(12-18-2013 11:04 AM)rascalsmom Wrote: I just got a called from the DME to let me know they verified insurance, etc., and I asked what machine the physician ordered. This is the info I was given:
Respironics CPAP Model 460TS. In digging around on Philips' site, it appears to correspond with the REMstar Pro C-flex+ with heated tube humidifier, model DS460TS. So, my question is how does this compare to what I've been reading about the ResMed S2 Autoset that seems to be a preferred model by a lot of folks?
My test was done with full face mask, which I really did not find too uncomfortable and was able to sleep on my side with some shifting around of the pillows. I am most definitely a mouth breather...lots of sinus issues and very narrow nasal passages (ENT has said basically only choice there is surgery) and no matter what I do, my nose stuffs up within 2-3 hours of going to sleep, so I foresee that always being an issue no matter the mask style, so my goal is to figure out the mask style that best accommodates a mouth breather. I have spent time on the boards reading comments about different masks and welcome any feedback/insight on masks that are good for mouth breathers who side sleep.
Hi rascalsmom, welcome to the forum
You cannot go wrong with either Phillips Respironcis System One (PRS1) or Resmed S9, both makes good machines and useless machines
PRS1: avoid model numbers below 460 and PRS1 SE, model number printed on the label at the bottom of the machine
[remove water tank if checking at home]
Resmed S9: avoid Escape models, model name printed on top of the machne, next to on/off button
Your DME have an obligation to give you what the doctor wrote on the prescription, so if you wanted an auto machine (model number 560) which can used in either CPAP (fixed pressure) or APAP modes, than you need to ask the doctor to specify the machine and pressure range setting on the prescription and write "dispense as written" so wont be any confusion.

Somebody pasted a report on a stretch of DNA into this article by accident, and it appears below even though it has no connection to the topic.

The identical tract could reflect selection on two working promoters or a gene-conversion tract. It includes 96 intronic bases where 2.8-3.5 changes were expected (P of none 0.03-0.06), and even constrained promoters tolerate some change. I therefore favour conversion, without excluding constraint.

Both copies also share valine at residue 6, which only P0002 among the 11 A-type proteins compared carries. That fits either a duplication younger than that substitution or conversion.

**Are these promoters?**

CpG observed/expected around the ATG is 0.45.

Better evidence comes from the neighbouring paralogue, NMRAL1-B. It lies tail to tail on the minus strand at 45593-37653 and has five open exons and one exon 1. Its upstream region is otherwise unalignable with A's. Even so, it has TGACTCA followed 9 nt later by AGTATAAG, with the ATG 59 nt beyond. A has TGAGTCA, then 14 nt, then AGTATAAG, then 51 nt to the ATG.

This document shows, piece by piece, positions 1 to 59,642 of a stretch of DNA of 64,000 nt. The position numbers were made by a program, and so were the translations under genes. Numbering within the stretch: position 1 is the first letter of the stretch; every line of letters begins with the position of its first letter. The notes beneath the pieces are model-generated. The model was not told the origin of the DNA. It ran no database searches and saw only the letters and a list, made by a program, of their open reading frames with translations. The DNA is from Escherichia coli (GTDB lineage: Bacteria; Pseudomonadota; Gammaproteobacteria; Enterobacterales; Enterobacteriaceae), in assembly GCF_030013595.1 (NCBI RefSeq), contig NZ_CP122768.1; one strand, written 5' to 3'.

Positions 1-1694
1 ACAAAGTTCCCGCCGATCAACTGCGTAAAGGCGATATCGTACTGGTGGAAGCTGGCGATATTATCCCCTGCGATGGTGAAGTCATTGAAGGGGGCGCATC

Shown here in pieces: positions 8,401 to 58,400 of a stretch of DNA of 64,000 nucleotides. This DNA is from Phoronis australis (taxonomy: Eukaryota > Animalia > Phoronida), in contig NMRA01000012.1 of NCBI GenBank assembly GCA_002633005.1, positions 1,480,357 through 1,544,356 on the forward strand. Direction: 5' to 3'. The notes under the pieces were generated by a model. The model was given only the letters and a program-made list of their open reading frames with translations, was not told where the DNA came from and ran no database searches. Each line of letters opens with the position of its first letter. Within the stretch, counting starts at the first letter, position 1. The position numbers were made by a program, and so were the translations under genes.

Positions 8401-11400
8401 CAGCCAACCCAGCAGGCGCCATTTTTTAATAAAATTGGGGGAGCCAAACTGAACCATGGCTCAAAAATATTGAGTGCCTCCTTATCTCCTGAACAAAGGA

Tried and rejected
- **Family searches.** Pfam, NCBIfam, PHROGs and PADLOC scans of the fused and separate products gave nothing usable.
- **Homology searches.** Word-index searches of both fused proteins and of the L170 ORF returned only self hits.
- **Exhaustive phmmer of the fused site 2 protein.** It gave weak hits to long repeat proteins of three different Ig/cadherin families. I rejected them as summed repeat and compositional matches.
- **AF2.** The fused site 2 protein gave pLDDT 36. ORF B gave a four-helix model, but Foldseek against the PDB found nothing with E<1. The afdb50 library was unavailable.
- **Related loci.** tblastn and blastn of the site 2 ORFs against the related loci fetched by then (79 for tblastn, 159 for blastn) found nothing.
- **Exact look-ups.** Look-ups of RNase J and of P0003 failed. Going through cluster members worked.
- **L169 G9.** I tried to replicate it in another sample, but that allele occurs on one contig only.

The 60 series machines comes with the heated hose option which is the same as S9 climateline or Fisher Paykel thermosmart hoses
Full face masks works best for mouth breathers as allows you to breathe through your nose or mouth without compromise to the treatment.
Check with your DME, some have "mask return policy" allows you to try a mask at home and return within 30 days if the mask did not work for you so you can try another one
I had septoplasty and turbinate reduction surgery last year out of desperation, did not help a great deal with stuffy nose but my pressure did come down couple of cmH2O. What I find most helpful using saline sinus rinse bottle at night and warming up the humidifier so the air does not feel cold when start treatment, the heated hose is godsend